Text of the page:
While love and human bonds are to be honored and considered in our worldly affairs, our relationship with Allah always takes precedence. There is not a thing that the Prophet ﷺ said or did that was from his own desire or whim, for Allah Most High has told us “Your companion [Muhammad] has not strayed, nor has he erred, nor does he speak from [his own] inclination.” [53:2-3].

Rather, everything that he did was done in order to guide us, and under the command of God, and he carried out the Divine Command regardless of the wishes of anyone, including wives, family members, companions or leaders. The perfection of the Prophet ﷺ lies in his absolute submission to God, not following creation.

The Prophet’s Marriages

As mentioned, the marriages and relationships of the Prophet ﷺ were never questioned during his lifetime, for the simple reason that there was nothing in them to attack. If they were problematic, as many people today like to claim, why did not anyone object to his conduct and marriages at the time? The Prophet ﷺ was verbally and physically insulted during his lifetime, yet never did the companions, women among them, nor even his enemies, in Arabia or in Rome, Persia, or Abyssinia, address these ‘issues’ with objection. Therefore, it is futile to start attacking the Prophet ﷺ on such issues in our times, more than 1400 years later.

Those who paint a picture of the Prophet ﷺ as someone driven by lust and passion are deluding themselves and others. A sincere study of the seerah would, in the very least, leave the person with the impression that Muhammad ﷺ was one of the greatest and most spiritual men to ever walk on earth, even if one ultimately rejects the message and the prophethood of Muhammad ﷺ. To read the seerah and whittle down the life of the blessed Prophet ﷺ to a mere political struggle and power grab, with a lust for women on the side, is not only an abominable falsehood, but a lie to one’s own conscience.

Every marriage of the Prophet ﷺ had a reason and wisdom behind it. Some were for tribal and political rationale, other for strengthening the ties of kinship and companionship, some for other reasons. Through some of the Prophet’s marriages, large numbers of people became Muslim and pacts formed, and more importantly, like everything in the Prophet’s blessed life, each and every marriage was a form of legislation and guidance, for through it we derive the permissible and impermissible matters of the sacred law.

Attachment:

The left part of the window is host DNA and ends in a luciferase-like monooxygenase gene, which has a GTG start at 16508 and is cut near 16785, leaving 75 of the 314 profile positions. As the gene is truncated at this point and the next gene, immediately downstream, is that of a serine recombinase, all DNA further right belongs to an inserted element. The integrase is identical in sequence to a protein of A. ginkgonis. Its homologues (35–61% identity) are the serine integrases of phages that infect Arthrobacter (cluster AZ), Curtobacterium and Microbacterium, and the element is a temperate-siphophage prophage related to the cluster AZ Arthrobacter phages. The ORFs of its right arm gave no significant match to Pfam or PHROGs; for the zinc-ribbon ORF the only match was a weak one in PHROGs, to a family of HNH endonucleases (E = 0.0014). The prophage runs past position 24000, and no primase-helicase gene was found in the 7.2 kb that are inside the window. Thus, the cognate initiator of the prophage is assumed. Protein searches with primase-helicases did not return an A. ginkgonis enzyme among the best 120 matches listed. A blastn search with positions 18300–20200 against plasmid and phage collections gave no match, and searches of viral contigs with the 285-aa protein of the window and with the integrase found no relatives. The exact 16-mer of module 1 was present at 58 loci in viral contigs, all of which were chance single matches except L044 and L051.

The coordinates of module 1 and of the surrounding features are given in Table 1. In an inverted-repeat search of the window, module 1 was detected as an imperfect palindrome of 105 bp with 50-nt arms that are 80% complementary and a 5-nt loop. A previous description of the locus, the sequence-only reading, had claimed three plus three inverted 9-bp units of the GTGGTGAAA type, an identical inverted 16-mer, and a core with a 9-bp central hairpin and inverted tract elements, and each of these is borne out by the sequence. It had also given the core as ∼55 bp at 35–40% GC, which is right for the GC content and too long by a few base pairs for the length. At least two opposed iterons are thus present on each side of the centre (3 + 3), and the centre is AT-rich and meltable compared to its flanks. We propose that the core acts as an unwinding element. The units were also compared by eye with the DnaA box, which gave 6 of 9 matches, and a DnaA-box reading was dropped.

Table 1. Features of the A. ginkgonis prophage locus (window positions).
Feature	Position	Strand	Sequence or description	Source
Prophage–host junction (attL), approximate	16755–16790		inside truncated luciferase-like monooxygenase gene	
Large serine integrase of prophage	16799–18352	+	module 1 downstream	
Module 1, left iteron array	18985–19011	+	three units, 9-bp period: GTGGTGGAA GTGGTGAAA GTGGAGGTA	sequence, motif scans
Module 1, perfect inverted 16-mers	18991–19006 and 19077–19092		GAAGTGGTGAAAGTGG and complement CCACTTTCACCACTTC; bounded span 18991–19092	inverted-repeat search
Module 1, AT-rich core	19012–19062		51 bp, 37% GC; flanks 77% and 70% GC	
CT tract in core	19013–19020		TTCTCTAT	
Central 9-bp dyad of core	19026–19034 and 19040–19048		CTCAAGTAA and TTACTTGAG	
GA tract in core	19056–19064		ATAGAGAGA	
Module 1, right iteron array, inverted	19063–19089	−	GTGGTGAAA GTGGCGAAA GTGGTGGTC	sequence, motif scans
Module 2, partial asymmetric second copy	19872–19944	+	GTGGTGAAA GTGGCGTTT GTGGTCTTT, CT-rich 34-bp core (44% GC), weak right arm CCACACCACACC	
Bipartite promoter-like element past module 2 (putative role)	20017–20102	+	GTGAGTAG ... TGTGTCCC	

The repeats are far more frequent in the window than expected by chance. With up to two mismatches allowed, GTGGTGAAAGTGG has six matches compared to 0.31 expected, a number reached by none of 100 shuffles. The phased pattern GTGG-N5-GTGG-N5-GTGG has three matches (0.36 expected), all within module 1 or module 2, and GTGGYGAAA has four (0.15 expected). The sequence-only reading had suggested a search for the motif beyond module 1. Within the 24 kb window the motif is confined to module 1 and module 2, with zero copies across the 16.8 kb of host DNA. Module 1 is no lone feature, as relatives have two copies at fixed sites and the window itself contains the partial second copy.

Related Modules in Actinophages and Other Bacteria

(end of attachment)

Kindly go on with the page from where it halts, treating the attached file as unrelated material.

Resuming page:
We should also note, that if the Prophet ﷺ really did whatever he pleased in regards to women, making up verses as he went along as an excuse, then it is valid to ask, why did he not continue to take more wives? Surely he could have claimed verses had been revealed giving permission for many other relationships?

Instead, we find the verse, “It is not lawful for thee (to marry more) women after this, nor to change them for (other) wives, even though their beauty attracts thee … And Allah doth watch over all things.” [33:52] The answer is obvious, he ﷺ did not marry from whim nor claim permission was granted whenever it suited him, rather each marriage was permitted and ordained by God, the One who sent his Prophet, and his whole life ﷺ was under God’s Command.

A second point we should note is the fact that many of the wives of the Prophet ﷺ we’re not young or virgins, but rather, they were older women, some widowed, other’s previously married. We have to ask ourselves, if a powerful leader of a nation who possesses unquestionable authority over his followers, who can have any woman he desired (and we should remember that the Prophet ﷺ was offered any woman that he desired if only he stopped spreading the message), does it make sense that such a powerful person would marry older women, widowed women, women with children?

Did any of his other wives object to his ordained marriages as just a ‘convenient’ way to act on his personal desires? If not, then why should anyone else feel they must speak out in defence of the Prophet’s wives? The Mothers of the believers were the most intelligent, scholarly, confident, and pious women of this community, who advised, spoke their minds, and expressed their concerns without censure. They really do not need defending by anyone.

You may find the last few paragraphs of the following answer useful in this regard, The Perfection of the Prophet.

Mariyah al-Qubtiyyah

The ‘incident’ with the Prophet ﷺ and Mariyah al-Qubtiyyah, and the Prophet’s wives, has been discussed in detail in a previous answer. Please read, Has the Prophet Really Been Intimate with Maryah in Hafsa’s House?

What relevance does the Quran have to the Ummah itself other than just being for Muhammad ﷺ?

The Qur’an relates to us on many levels and is for everyone. The complete beginner and the most accomplished sage will never cease to find guidance, lessons, blessings and tranquility in it. It is a direct link between every person and God. This is why the Prophet ﷺ said, “I am leaving with you two weighty things: the first is the Book of Allah, in which there is right guidance and light, so hold fast to the Book of Allah and adhere to it.” [Muslim]. In this sense, the Qur’an is an ‘inheritance’ from the Prophet ﷺ to every human being, to be benefited from and adhere to. It wasn’t revealed to Muhammad for Muhammad, it was revealed to Muhammad for the benefit of mankind.

How much a person benefits and understands, and how much they are affected through the Qur’an depends on the person’s intention and openness to it. Every line has a message to ponder on. Therefore, take your time with the Qur’an and strive to read it daily and understand its meaning. Over time, the relevance and effect of the Qur’an in your life will become apparent.

Defending Islam